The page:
Implications of latest Fed hike
At long last the US Federal Reserve – America’s central bank—has raised the interest rates, albeit hardly. It is the first hike in interest rates by the US central bank in over a decade.
The hike in interest rates has been marginal – from zero to just about 0.25 percent to 0.5 percent. Suffice to say, the rate hike did not cause great disruptions in the global financial markets.
However, how will it affect India? It should not, and such a fact has been borne out by what happened in the day after the Fed rate hike. The stock market remained more or less flat. The exchange rate also remained stable. Fund managers did not immediately think of taking money out of India, leaving the financial markets unruffled.
Why should a decision of the US central bank matter so much for India? To appreciate the gravity of such a question, a little background is required.
Following the 2008 global financial meltdown, the world economy had gone into a recession. To lift the economy certain measures were needed. The US, which remains a significant player in the global economy, had taken key steps. One of those steps included cutting its interest rates in stages to zero. When the cuts in interest rates did not result in the desired lift, it had launched an unconventional monetary measure, now known as the Quantitative Easing (QE).
QE was simply pushing more money into the US financial system to encourage overall demand and activity. In effect, however, a lot of the QE funds had flown from the US to other countries in their stock and bond markets. The flow of funds had paid for the excess imports of countries over their export earnings, besides strengthening their exchange rates. Recipient countries had become used to cheap funds from the US.
Now before, the Fed had stopped QE. And on December 16, the Fed raised its interest rate from zero to positive for the first time in a decade. This was long expected –almost for a year. Fed had had also given an indication that rates might be raised again in the course of the coming year. By taking such measures, what Fed is doing is bringing its unconventional monetary policy from an “abnormal” stance to a more “normal” stance. However, why should a gradual shift in the Fed’s monetary policy create such expectations and fears among other countries?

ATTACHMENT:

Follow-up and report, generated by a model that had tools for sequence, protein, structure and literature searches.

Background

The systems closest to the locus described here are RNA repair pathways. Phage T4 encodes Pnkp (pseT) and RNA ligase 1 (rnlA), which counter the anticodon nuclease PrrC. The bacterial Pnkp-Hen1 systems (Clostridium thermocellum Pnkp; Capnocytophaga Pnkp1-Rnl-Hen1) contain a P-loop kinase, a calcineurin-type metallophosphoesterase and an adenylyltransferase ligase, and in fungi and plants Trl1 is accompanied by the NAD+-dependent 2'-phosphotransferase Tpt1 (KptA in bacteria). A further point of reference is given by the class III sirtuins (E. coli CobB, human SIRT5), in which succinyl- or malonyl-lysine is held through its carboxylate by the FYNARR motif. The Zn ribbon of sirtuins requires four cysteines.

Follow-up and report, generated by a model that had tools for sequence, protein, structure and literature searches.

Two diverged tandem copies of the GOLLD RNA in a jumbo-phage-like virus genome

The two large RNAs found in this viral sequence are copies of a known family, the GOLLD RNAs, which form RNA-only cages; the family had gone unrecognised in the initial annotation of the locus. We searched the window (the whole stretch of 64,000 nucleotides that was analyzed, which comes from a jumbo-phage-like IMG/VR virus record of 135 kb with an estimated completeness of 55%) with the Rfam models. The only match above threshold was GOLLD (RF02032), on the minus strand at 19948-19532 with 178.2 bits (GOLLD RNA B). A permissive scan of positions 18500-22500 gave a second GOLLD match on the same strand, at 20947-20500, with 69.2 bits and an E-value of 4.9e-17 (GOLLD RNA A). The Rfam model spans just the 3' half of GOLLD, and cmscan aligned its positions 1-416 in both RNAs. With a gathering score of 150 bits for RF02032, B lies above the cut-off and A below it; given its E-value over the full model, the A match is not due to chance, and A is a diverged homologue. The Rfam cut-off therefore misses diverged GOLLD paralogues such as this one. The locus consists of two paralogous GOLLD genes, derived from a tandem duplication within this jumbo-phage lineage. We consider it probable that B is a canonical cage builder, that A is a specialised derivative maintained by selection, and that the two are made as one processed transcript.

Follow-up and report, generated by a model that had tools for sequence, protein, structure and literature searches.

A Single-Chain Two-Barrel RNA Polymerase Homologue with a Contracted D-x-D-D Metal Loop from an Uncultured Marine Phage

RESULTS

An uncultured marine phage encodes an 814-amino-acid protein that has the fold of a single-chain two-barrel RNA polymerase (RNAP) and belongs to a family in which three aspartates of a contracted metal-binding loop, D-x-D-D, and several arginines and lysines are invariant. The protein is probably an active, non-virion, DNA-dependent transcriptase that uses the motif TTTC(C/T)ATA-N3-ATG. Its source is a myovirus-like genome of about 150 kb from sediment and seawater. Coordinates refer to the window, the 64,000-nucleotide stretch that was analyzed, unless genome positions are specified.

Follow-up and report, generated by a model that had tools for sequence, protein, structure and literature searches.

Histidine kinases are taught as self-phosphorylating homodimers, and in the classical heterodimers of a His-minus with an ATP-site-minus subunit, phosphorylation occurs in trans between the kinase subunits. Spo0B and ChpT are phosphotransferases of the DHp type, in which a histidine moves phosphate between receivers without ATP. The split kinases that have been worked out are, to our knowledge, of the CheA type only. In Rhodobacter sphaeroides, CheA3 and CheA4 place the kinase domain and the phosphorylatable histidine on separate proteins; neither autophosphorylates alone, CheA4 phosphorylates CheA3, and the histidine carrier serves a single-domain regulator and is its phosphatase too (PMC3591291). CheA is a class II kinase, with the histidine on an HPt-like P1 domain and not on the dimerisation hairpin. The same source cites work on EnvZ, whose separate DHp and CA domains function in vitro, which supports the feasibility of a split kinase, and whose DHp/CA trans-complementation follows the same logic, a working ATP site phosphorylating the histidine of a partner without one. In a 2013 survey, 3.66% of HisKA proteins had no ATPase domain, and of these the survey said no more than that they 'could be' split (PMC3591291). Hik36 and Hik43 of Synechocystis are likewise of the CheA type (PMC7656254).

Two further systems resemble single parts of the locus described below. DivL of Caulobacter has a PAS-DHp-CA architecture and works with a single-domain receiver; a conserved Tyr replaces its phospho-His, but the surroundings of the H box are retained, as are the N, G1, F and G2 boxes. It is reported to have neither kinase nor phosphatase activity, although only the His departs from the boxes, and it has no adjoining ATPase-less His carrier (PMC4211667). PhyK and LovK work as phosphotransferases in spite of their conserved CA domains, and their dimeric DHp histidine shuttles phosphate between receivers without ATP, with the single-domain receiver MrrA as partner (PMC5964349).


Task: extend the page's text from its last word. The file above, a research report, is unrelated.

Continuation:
This question is relevant because of our experience when the previous Fed Chair Ben Bernanke had announced his decision to “taper” bond purchases by the US central bank. That decision had caused a huge uproar in financial markets across the world. At the time and in the subsequent months, the Indian rupee had depreciated from Rs 50 to a dollar to over Rs 60 to a dollar.
Tapering of bond purchases meant that lower funds will be available and, as a result, part of the funds flowing to other countries could be pulled out and, at least, fresh flows restricted.
Known now as the “taper tantrums”, the string of events across the world showed the power of the dollar in the wake of the global financial crisis in 2008. The taper tantrums hit India hard in 2013 because of its dependence on overseas funds flow. India was then running an uncovered high current account deficit – of around $88 billion. The fiscal deficit was high, inflation rising –almost everything wrong was rising.
Today India’s external deficit was minimal, under 2.5 percent of the GDP; we have a fairly comfortable foreign exchange reserve and inflation low. Oil prices are low, gold imports have plummeted (which was fiercely rising then). We do not depend abjectly on funds flow from to finance our imports and meeting external dues.
Many other currencies, including the Brazilian peso, South African rand and the Russian rouble had faced the same fate during the subsequent months after that announcement and volatility continued for a year. US Fed’s rate rise had ended one major uncertainty for the global economy. The inevitable has happened and all the financial markets have discounted this in this interconnected world. But then, a new uncertainty has cropped up. China’s economic footprint has enormously increased since the days of global financial meltdown and the deepest source of volatility and uncertainty stems from that country. During that period of uncertainty, the Chinese yuan remained rock strong and China made its tentative move to make the yuan the next reserve currency. China had extended yuan credit lines to a large number of countries for use during exchange rate volatility. This time round, the Chinese yuan had however depreciated – although rather marginally. It depreciated by only one-tenth of 1 percent. But that hides more than it reveals because the Chinese authorities grossly intervene in the market to stabilise its currency.
Chinese authorities had depreciated yuan in August and that created a stir among many other countries since China had emerged as a major importer and countries have become somewhat dependent on their exports to China. Many countries, including China, Brazil, and Argentina had seen a spate of fluctuations in their financial markets.
From the uncertainty over Fed rates hike, the fear has moved to what the Chinese will be doing and how their economy was behaving on the ground. China is admittedly slowing down. It even officially expects the Chinese economy to grow much slower by 6.5 percent this year from over 7.5 percent target. But then, the fear is, maybe, China is slowing down much faster and possibly to a crisis level.
(The views expressed are strictly personal)